Most parents choose to take an active role in their child’s upbringing, and only a small group is absent, either by choice or circumstances. Therefore, social benefit systems have built in mechanisms to compensate the lacking of the absent parent by high financial contributions to sole providers left alone in charge. The downside of these benefits is that one of the parents can gain financially on monopolising the contact with the child and in some cases the sole provider actively sabotages or reduces the other parent’s contact, only to gain financially. This mechanism is strengthened by the Norwegian child maintenance system, where the level of economic support is linked to the amount of time spent with the child. Parents who share the custody in equal parts do not pay any child maintenance to each other. The combination of the systems has turned many fathers in to “child maintenance machines” because the mother would lose so much financially, sharing the custody of the child with the father. The benefits therefore undermine the aim to gain shared custody, and deprive the father of the possibility to have a close relationship with his child.
The concept of “parental alienation syndrome” is used to describe the condition where the child is alienated against one of the parents. If the government wants the children’s voice to be heard in custody conflicts, they must take into account that the child is already involved in a process of demonization and slander of one of the parents. From the literature, we know the term folie à deux. The government should be careful not to act in a game that can be characterized as folie à troi (madness shared by three).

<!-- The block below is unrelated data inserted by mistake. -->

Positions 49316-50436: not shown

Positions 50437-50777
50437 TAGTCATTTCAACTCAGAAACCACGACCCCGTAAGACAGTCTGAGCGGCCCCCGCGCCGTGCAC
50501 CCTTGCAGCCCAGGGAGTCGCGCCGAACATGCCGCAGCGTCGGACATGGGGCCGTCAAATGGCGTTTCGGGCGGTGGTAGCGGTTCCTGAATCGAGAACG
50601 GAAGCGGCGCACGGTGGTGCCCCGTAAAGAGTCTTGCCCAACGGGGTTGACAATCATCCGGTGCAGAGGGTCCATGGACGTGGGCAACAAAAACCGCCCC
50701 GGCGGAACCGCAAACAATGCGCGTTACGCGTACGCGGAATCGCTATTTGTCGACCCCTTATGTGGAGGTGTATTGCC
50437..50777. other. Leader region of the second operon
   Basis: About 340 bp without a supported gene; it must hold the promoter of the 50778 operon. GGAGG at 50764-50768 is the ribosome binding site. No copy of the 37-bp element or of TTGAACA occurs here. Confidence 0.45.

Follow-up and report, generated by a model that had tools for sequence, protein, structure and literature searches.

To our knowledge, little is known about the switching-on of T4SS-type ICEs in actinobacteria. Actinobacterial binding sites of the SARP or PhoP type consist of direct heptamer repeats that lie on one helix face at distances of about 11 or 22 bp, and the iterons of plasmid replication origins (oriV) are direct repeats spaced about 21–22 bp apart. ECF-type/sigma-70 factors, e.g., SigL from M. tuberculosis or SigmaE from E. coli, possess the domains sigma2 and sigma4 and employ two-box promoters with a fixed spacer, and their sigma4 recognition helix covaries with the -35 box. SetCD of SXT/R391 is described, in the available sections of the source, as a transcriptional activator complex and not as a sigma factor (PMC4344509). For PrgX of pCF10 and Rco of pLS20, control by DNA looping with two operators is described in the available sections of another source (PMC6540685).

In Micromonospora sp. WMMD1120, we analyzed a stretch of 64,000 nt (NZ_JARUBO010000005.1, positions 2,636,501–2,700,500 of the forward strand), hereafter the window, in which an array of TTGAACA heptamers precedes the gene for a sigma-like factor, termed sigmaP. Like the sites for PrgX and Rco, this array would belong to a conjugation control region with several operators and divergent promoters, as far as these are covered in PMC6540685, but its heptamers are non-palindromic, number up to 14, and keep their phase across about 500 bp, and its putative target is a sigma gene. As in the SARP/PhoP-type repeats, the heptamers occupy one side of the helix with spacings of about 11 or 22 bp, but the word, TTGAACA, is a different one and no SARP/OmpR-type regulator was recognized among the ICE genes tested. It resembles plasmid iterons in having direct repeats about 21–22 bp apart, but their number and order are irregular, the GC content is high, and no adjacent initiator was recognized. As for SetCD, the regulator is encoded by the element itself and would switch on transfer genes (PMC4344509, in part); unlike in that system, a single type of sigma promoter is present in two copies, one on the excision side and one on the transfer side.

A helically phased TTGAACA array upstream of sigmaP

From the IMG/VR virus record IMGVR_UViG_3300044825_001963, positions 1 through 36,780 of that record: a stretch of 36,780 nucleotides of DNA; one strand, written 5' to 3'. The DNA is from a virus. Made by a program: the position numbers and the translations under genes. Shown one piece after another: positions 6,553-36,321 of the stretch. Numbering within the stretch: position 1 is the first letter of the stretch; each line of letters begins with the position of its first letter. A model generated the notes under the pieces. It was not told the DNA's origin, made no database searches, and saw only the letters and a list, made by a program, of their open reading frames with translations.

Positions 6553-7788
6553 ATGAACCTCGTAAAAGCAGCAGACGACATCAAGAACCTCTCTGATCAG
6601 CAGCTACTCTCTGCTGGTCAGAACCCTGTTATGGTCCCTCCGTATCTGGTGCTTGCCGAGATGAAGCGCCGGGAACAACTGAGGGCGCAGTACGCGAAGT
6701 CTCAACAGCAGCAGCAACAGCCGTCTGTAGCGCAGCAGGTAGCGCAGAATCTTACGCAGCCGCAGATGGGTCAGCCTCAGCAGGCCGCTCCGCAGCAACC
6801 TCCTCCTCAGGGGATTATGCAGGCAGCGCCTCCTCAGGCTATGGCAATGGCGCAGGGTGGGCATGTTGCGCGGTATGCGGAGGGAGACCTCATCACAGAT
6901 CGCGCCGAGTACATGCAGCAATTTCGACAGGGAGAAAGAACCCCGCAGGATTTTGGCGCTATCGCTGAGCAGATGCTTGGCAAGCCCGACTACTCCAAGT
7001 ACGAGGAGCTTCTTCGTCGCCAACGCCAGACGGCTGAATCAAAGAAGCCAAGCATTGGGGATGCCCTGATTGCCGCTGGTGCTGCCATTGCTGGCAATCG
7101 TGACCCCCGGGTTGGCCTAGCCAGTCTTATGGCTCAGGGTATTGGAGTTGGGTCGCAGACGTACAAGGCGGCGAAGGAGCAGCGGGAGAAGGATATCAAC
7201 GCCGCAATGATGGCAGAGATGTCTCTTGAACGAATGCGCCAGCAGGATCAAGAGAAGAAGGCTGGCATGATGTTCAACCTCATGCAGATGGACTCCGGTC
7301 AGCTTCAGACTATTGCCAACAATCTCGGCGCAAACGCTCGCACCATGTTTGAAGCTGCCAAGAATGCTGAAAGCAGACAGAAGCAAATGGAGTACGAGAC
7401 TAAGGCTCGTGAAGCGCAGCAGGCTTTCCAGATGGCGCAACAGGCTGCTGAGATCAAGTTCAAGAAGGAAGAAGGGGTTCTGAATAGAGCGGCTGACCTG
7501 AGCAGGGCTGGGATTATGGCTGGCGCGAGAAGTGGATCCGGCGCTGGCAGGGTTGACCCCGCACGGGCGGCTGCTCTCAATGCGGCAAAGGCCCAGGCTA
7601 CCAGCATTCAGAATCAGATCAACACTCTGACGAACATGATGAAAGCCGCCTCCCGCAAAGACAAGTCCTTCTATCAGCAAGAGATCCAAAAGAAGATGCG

In practice, it is difficult to have an equal amount of contact with both parents unless the child lives in two places equally. What is important to consider is whether advantages of maintaining a close relationship with both parents outweigh the disadvantages of having to change residence, for instance every week or every second week. Equally shared legal custody is not the same as having the child living in two residences fifty-fifty.
The experience is that the Child Act’s intention of parental agreement on a solution of custody between equal parties does not work. This is because the court, when presented the case, is legally bound to choose a single residence and almost exclusively chooses the mother.
On the basis of this knowledge it is important that the government puts effort in protecting the child’s right to have contact with both parents. This work must be as unprejudiced as possible. It is not acceptable that we continue with a practice in which the legislation allows the systematic favoring of one part in conflicted divorces.
Simone Frizell Reiter is a PhD candidate in the Department of Clinical Medicine at the University of Bergen, Norway, and the author of the paper ‘Impact of divorce and loss of parental contact on health complaints among adolescents’, which appears in The Journal of Public Health.
The Journal of Public Health aims to promote the highest standards of public health practice internationally through the timely communication of current, best scientific evidence.